On forgiving: “I always thought, the way life works, the burden of forgiveness is on the child. That’s the way it goes. Forgiveness is probably the most revolutionary concept there is right now in our world. Because without forgiveness, you just perpetuate what has been before. You [have to] say, ‘It’s going to stop with me.'”

Her anxieties: They’re there when she admits to being “kind of a recluse” who immerses herself in books, rarely watches television, and notes, “I wouldn’t say I’m naturally social.” They’re there when she discusses the years she has spent in therapy herself. “I’ve had it over the years. And there’s still somebody I talk to if I need to. It’s very helpful.”

Lifelong effects of a cult: “I’m very gullible.”

[From Hollywood Reporter]

What a sad portrait that Glenn has painted. Her experience in a cult sounds very hollow and filled with anguish at the same time. I’m glad she and her family got out. Glenn says that once she found the strength to leave, the MRA did not follow. That’s a relief.

What do you think about Glenn’s statements on how children must learn to love? I can’t identify with that because every baby I’ve known has been happy and instantly full of love. But these are children that were loved from the very beginning of their lives. Glenn’s childhood was interrupted by an insidious organization, so she had to relearn to love. And to forgive. She says she wrote a very long letter to her father before they were able to mend their relationship. Thank goodness it was possible to do so.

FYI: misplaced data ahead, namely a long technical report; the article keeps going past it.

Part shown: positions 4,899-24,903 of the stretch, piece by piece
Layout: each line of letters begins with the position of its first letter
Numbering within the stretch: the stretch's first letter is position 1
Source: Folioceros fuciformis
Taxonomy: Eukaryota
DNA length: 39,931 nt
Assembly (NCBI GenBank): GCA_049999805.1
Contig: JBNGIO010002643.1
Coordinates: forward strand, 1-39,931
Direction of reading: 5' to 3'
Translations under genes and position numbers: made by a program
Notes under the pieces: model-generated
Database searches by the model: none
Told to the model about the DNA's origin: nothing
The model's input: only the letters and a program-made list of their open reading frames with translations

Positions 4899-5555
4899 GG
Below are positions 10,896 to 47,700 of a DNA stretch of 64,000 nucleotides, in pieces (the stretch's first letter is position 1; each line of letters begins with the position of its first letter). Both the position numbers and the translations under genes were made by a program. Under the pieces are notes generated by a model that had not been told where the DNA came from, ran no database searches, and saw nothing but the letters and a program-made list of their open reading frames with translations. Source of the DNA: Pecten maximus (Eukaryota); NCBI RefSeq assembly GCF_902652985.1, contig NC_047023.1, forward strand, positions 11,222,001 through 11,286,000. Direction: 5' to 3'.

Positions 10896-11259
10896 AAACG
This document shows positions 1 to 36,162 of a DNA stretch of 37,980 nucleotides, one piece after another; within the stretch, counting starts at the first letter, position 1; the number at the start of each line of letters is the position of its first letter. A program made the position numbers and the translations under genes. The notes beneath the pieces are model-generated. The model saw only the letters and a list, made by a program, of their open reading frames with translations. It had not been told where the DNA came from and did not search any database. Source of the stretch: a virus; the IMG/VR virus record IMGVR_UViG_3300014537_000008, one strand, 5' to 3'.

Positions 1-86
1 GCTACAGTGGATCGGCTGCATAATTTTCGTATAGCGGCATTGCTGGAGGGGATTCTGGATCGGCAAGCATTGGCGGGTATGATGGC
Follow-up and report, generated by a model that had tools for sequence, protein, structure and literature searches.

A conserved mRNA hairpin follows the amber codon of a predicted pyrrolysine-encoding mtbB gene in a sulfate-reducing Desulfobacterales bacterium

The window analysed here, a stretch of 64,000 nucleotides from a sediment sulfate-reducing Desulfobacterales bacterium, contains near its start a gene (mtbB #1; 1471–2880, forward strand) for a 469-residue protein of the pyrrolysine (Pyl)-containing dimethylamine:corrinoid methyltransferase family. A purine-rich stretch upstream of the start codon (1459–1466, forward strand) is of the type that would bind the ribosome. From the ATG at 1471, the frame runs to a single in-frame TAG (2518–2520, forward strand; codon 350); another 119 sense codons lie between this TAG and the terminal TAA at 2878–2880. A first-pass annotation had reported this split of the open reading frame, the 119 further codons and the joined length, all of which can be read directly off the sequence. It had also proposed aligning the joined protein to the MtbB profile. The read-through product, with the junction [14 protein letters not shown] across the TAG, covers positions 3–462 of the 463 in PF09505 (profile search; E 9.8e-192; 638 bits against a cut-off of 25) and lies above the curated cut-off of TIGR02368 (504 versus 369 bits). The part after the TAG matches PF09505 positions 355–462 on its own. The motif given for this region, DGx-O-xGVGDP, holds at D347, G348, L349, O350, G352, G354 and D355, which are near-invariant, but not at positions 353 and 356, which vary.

Glenn Close

Photos courtesy of Hollywood Reporter & WENN

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33 Responses to “Glenn Close: ‘As children, you don’t love naturally. Love has to be taught’”

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  1. Virgilia Coriolanus says:

    Yeah–children love naturally. They don’t care if you’re ugly, fat, skinny, beautiful, etc…..they love you when you love them. One ‘funny’ thing I’m thinking of is one of my aunts and my little cousin. My aunt is very short (barely five feet) and obese…..she also has really deep and long stretch marks from her kids on her stomach. But my little cousin’s FAVORITE thing to do, as a toddler (and even now as a 5 year old) was to blow bubbles on her stomach, like she did to him. He’d shove her shirt up and absolutely BURY his face in her stomach and blow. She thought it was so hilarious.

    • Sarah says:

      the sad thing I think is that kids need to love so much, that they will love their family even if it isn’t returned.

      • Aussie girl says:

        That’s true, children are so innocent and would love regardless if it been returned. Yes it would have a profound effect on them and perhaps they would get to am she and stop. It’s just all to sad for me to think or talk about ( children and animals always gets me). As for glen, wow ( it’s becoming my new it word). Been in a cult from 7 to 22.

    • Nikki says:

      Exactly. Every time I pick up my 8 month old, she clings to me like a baby monkey and buries her face in my neck and grabs my hair like she hasn’t seen me in months when in reality, I’m coming back from the bathroom.